“Many countries which voted with Sri Lanka were acutely conscious of the danger of setting a precedent which enables ad hoc intervention by powerful countries in the internal affairs of other nations. This is a highly selective and arbitrary process not governed by objective norms or criteria of any kind. The implications of this were not lost on many countries.
“As far as Sri Lanka is concerned, our policy in respect of all matters will continue to be guided by the vital interests and wellbeing of the people of our country. It hardly requires emphasis that this cannot yield place to any other consideration.”
Earlier, opening the debate, the US Permanent Representative Eileen Donahoe said Sri Lanka had failed in the past three years to take effective measures aimed at reconciliation, implementing the recommendations of the Lessons Learnt and Reconciliation Commission and addressing accountability issues.
“Given the lack of action to implement the recommendations of the Sri Lankan government’s own LLRC, and the need for additional steps to address accountability issues not covered in the LLRC report, it is appropriate that the UNHRC consider and adopt this moderate and balanced resolution.
“It is a resolution that encourages Sri Lanka to implement the recommendations of it own LLRC and to make concerted efforts at achieving the kind of meaningful accountability upon which lasting reconciliation efforts can be built,” Ms. Eileen said.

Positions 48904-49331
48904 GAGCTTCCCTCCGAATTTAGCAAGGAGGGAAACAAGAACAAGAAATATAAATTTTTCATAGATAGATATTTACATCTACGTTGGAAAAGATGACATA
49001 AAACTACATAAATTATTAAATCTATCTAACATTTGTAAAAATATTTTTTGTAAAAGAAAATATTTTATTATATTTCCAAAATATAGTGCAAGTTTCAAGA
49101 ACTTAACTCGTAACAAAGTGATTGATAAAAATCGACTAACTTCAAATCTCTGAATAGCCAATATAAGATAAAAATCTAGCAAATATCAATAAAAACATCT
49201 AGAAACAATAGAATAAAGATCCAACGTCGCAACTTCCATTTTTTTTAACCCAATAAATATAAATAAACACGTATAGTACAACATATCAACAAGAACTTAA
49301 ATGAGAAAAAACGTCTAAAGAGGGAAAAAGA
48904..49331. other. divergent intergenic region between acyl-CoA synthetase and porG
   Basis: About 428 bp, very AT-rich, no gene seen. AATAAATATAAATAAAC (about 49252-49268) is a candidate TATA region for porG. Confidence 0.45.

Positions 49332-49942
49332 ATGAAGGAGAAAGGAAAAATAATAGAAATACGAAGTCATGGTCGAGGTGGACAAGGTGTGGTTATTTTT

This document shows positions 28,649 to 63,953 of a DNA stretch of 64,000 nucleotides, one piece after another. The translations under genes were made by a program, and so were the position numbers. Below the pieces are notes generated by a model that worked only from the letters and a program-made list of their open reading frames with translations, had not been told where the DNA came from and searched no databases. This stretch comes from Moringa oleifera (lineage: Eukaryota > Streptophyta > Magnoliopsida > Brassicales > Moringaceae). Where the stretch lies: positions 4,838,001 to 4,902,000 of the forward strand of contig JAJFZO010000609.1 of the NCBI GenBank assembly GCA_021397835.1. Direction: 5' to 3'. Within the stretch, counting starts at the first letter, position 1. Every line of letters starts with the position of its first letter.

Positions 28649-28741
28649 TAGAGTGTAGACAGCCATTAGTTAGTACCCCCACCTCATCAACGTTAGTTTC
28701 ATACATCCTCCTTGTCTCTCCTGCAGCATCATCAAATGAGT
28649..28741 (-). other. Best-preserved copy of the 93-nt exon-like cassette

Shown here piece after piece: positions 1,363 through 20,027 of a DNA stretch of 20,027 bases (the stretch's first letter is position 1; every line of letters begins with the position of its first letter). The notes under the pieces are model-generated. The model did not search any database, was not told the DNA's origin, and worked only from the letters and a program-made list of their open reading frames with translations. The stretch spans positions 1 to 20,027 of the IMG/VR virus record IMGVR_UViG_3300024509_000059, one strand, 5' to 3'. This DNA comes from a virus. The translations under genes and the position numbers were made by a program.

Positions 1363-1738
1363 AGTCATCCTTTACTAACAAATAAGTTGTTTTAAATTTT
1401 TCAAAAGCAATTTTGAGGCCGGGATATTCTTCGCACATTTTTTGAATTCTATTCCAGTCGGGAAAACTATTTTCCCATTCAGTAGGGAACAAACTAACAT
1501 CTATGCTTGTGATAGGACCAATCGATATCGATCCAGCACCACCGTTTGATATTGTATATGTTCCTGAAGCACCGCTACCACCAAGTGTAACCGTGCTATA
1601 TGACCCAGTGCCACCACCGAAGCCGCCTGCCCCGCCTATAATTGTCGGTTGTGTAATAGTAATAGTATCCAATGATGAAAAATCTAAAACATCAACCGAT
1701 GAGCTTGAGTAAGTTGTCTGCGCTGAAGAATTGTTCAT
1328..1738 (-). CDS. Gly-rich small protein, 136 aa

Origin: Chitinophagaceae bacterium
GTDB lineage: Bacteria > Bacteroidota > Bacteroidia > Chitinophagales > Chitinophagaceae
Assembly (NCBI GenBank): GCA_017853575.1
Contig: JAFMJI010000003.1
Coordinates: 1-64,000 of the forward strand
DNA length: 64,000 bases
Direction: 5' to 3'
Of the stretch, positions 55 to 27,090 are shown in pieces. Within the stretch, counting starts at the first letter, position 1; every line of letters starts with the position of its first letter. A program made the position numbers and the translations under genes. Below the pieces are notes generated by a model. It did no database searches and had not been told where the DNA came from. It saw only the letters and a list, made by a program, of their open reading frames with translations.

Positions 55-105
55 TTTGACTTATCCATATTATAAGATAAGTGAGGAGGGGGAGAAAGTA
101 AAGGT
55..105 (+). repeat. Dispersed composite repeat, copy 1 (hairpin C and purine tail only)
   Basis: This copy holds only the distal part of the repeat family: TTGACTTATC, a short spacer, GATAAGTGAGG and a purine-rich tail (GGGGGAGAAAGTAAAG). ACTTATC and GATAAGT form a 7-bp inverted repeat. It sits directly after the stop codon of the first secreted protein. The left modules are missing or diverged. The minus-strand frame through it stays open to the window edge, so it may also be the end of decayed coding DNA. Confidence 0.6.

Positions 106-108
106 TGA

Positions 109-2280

Supporting the US position was the European Union, on behalf of whom, Belgium made a statement. The Belgium representative said that the matters raised in the United Nations Secretary General’s panel of experts’ report had not been reflected in the LLRC recommendations and it was in this spirit that the EU was compelled to back the resolution. Belgium also said Sri Lanka’s civil society members who work for the promotion of human rights were being intimidated in Colombo and Geneva and called on Sri Lanka to respect their rights to engage in human rights work.
Making statements in support of Sri Lanka were Cuba, China, Russia, Bangladesh, the Philippines, Thailand, Uganda and the Maldives.
The Cuban Permanent Representative Rodolfo Reyes Rodríguez said the resolution undermined sovereignty of Sri Lanka which had its own mechanisms to address issues raised in it.
He said the United States continued to commit horrendous human rights violations, involved in illegal detention, rendition flights, torture killing of civilians in drone attacks and the council had not taken any measures to stop these violations.
Minister Mahinda Samarasinghe in his response said Sri Lanka had been cooperative with the council and pledged to continue to actively engaged with the council. But despite the exemplary interaction, Sri Lanka had been selectively targeted by certain countries, he said.
He said Sri Lanka had after three decades of war achieved peace and stability and it needed space and time to further consolidate the clear progress that had been achieved in three years.
In a parting shot at the western nations, whose double standards have politicized human rights, Minister Samarasinghe said “Those who live in glass houses are best advised to exercise caution before they throw stones.”
In winding up his statement, he wanted one more thing to say –physician, heal thyself. Courtesy: Sunday Times